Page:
Immigration Detention: Behind the Record Numbers

In FY 2012, the United States Department of Homeland Security (DHS) detained a record 477,523 adult noncitizens.[1]  Since the Obama Administration announced its detention reform initiative in 2009, the number of noncitizens DHS detains yearly has increased by nearly 25 percent.  Since passage of the Illegal Immigration Reform and Immigrant Responsibility Act (IIIRIRA) in 1996, it has expanded over fivefold.[2]  The increase in detention seems to stem, in part, from an even greater rise in use of summary removal processes applied to non-citizens, including asylum-seekers.  In addition, looking behind the numbers suggests that persons in normal removal proceedings (before an Immigration Judge) face ever longer periods in detention.

Since passage of IIRIRA, DHS has widely implemented three types of summary removals: “expedited removal” for noncitizens who encounter immigration authorities at or near a US border with insufficient or fraudulent documents;[3] “reinstatement of removal” for noncitizens who unlawfully reenter after a prior removal order;[4] and “administrative removal,” for  noncitizens without lawful permanent resident (LPR) status, but with a prior criminal conviction which is considered an “aggravated felony” under US immigration laws.[5]  All impose mandatory detention during the summary removal processes (with some limited exceptions, described below).

Removals under these summary processes now constitute the vast majority of U.S. removals in FY 2012.  Nearly three-quarters of removals are via “expedited removal” (39 percent) or “reinstatement of removal” (35.6 percent), not including “administrative removals” which DHS does not report.[6]  These two forms of summary removal increased from 56.2 percent of all removals in FY 2009 to nearly 75 percent in FY 2012.

Meanwhile, while detention has also increased since FY 2009—24.5 percent in numeric terms—total removals have remained flatter, only increasing 6.5 percent since FY 2009.  As this table and chart show, the increase in summary removals tracks the increase in detention.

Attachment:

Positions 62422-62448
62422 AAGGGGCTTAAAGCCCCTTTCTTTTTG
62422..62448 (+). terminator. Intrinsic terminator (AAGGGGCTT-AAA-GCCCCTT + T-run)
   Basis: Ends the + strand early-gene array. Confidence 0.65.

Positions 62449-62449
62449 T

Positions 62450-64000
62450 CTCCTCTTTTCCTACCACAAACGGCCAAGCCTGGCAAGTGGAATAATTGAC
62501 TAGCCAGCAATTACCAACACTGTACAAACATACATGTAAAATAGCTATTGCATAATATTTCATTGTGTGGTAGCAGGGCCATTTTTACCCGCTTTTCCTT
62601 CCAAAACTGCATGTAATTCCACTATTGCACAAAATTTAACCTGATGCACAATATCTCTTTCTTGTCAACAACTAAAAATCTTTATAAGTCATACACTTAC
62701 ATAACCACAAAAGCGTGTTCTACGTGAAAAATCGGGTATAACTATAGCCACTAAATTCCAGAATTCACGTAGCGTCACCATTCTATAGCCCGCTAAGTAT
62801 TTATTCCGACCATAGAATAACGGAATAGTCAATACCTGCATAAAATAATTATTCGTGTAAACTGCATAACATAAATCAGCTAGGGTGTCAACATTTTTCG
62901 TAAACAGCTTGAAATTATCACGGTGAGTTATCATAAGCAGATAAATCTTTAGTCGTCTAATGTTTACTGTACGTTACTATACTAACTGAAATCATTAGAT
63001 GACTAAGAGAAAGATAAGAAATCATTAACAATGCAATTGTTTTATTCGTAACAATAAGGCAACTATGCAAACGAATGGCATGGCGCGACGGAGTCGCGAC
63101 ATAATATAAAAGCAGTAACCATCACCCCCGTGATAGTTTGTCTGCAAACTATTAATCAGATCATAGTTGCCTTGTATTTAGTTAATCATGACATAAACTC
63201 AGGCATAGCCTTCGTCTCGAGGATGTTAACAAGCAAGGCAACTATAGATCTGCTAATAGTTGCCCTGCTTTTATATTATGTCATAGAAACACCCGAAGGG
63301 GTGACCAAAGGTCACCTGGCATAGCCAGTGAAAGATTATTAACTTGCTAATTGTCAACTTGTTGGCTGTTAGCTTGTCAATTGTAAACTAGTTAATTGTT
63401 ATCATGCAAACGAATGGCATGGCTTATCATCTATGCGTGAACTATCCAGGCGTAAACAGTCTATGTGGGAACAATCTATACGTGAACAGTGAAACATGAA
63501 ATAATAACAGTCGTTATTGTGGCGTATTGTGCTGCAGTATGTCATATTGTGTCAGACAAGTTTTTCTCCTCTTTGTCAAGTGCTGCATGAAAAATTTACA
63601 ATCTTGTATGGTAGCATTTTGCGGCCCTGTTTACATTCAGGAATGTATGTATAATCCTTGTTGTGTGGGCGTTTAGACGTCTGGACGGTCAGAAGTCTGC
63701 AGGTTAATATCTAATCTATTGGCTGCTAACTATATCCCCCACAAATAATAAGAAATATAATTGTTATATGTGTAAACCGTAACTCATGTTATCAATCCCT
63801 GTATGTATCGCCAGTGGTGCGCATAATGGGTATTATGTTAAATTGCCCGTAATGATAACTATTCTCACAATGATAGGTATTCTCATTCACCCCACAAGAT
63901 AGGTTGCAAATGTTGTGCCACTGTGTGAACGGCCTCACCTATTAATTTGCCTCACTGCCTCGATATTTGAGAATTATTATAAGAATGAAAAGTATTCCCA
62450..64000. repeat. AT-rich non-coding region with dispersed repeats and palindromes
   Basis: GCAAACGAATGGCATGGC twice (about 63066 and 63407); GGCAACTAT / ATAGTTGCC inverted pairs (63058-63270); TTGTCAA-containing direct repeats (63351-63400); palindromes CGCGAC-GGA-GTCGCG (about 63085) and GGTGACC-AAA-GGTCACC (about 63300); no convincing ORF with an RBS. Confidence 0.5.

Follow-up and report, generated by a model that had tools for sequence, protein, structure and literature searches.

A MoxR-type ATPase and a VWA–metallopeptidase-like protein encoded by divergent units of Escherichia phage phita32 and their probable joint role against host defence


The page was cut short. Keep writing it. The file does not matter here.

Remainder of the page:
Table: Detention and Removal, FY 2009-FY 2012

2009

2010

2011

2012

Detentions

383,524

363,064

429,247

477,523

Removals

393,457

383,031

388,409

419,384

Summary Removals

221,235

233,356

248,295

312,700

Summary Removals as Percentage of Removals

56.2%

60.9%

63.9%

74.6%

 

Chart: Detention and Removal, FY 2009-FY 2012

FY2001 Chart

Thus, the increasing number of summary removals, with accompanying mandatory detention, correlates to the increasing numbers of detained.  Increased detention capacity may explain in part the increasing numbers of detained, but cannot explain it alone.[7]  Greater turnover in the detained population, due to increasing summary removals, appears to be a significant contributor.  Two potential implications are considered here (apart from the obvious impact of large-scale detention on individuals and families).

For one, as more asylum seekers approach the border, and DHS processes more through summary procedures, more are likely being detained in violation of international human rights law.  The Congressional Research Service reported a surge in “credible fear” claims of persecution by those in expedited removal (36,000 in FY 2013, compared to 13,391 in FY 2012 and about 5,000 in FY 2009).[8]  The increase is largely from El Salvador, Guatemala, Honduras, and “to a lesser extent” Mexico, all experiencing high levels of gang and drug-related violence and civil unrest.[9]  These four countries accounted for 90 percent of detainees in FY 2012 (64.4 percent from Mexico, 10.6 percent from Guatemala, 8.5 percent from Honduras, 6.6 percent from El Salvador), with no other country producing more than 1 percent of US detainees.[10]  It is plausible that DHS’ increase in use of summary processes is causing the resultant increase in detention, largely driven by these four countries, and including some substantial percentage of asylum seekers.